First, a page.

Saturday, July 2, 2011

Jose Reyes And The Contract year

After being publicly ridiculed by his teams owner New York Mets shortstop Jose Reyes is having a fantastic season. He leads the league in hitting and has a .397 on base percentage. Right now he's the best lead off hitter in the game and arguably the best shortstop so why would the owner have disparaging words about his star player? It's a contract year.

In the sports world there is a belief that athletes in the last year of a contract perform better. They run faster, jump higher, and play harder to insure they get the most lucrative contract possible. I understand the logic behind the theory, but I don't believe it to be true. It suggests that players don't play hard or give maximum effort once they feel financially secure. That may be the case for some guys, but typically great players are self motivated and play at a high level because they are driven not because of the monetary value of their talents.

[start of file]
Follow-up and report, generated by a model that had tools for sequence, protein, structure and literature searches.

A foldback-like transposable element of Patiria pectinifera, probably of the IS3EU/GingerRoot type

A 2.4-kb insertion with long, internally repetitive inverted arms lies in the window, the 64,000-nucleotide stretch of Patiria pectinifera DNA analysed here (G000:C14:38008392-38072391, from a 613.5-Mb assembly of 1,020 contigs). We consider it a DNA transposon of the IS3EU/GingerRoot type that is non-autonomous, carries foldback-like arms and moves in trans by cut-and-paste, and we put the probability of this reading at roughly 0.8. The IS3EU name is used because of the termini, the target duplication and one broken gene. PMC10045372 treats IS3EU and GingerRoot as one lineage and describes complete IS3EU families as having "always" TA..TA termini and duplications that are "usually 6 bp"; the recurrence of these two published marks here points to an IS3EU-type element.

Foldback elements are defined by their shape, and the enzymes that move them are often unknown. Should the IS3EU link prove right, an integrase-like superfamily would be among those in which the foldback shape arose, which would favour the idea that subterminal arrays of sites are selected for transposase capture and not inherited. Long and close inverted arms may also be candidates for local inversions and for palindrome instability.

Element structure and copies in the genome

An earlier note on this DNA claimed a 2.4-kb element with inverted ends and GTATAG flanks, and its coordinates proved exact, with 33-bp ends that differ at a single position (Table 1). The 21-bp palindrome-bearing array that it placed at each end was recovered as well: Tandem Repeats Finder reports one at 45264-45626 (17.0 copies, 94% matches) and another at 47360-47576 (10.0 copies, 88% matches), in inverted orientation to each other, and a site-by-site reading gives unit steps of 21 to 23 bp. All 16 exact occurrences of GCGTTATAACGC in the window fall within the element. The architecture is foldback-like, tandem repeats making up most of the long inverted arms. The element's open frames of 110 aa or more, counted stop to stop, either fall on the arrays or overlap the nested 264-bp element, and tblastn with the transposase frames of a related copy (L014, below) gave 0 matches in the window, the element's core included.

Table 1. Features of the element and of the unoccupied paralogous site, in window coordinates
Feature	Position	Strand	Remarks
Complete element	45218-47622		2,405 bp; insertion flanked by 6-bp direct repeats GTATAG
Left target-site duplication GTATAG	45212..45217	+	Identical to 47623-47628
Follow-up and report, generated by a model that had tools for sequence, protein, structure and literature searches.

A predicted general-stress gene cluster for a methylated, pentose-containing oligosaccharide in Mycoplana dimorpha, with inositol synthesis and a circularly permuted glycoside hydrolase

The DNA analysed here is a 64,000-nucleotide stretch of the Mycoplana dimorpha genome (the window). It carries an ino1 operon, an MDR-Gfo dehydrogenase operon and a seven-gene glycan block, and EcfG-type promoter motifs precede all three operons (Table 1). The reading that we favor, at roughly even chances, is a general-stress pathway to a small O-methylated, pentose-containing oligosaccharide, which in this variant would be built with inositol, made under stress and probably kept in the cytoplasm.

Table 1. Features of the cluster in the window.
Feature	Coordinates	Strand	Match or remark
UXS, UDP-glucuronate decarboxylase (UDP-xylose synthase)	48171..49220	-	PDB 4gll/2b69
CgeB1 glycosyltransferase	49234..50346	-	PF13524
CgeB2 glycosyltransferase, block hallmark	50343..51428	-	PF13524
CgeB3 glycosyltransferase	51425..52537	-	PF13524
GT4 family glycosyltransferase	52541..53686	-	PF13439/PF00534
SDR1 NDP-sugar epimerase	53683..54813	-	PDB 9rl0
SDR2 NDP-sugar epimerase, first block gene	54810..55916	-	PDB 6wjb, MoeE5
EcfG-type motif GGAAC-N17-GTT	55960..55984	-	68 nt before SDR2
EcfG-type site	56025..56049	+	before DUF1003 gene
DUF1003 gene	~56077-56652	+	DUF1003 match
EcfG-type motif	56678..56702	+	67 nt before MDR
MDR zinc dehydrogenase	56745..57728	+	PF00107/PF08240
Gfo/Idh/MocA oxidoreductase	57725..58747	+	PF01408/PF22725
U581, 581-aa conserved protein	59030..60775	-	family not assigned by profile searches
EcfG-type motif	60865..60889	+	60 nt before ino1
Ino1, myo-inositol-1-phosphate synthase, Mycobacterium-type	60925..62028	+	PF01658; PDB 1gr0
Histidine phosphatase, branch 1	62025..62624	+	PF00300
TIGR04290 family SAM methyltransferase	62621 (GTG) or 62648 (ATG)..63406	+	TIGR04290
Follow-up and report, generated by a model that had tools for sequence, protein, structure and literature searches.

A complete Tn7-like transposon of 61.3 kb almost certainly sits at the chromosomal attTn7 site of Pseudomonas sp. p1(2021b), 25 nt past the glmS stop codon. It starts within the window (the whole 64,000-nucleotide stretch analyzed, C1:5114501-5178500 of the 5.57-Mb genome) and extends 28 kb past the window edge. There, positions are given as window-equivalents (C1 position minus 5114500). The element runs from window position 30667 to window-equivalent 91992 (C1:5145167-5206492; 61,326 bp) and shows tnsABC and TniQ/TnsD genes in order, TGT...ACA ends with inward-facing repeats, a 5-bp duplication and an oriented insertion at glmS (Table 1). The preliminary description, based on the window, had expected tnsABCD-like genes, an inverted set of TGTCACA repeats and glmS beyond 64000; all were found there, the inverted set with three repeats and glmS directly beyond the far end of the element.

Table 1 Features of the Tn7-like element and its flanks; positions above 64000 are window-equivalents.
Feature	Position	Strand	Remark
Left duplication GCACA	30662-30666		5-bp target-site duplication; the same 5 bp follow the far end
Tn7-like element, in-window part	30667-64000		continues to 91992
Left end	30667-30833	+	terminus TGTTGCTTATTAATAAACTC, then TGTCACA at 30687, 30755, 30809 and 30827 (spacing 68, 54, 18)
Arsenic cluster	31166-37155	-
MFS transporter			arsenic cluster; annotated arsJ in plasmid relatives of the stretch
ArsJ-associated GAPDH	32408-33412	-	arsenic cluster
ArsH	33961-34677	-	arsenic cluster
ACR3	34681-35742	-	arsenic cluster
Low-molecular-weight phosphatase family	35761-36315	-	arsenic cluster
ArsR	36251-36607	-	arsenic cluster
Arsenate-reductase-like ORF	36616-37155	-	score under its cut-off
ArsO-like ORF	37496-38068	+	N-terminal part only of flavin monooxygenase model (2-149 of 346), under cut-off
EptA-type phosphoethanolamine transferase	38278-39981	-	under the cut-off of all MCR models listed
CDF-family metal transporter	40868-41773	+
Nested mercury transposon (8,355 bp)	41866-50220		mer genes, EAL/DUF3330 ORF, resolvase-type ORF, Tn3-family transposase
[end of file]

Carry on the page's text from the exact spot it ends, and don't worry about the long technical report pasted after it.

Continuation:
Quite often the opposite is true. Players press and try harder after receiving a big contract to prove their worth and validate the investment. The pressure of expectation can lead to locker room issues, run-ins with fans and the media, or even the use of performance enhancing drugs a la Manny Ramirez and Alex Rodriguez.

If players only tried hard during contract years why not just sign players to 1 year deals? Because owners don't want players having the option to leave every year. That's the hypocrisy of the argument. If Jose Reyes leaves in free agency the Mets organization will say he only gave maximum effort when it benefited him. If he re-signs with New York everyone will expect him to lead the league in hitting every season. It's all about projected production which isn't an exact science. Sometimes you win, sometimes you lose, but don't blame it on the contract year.

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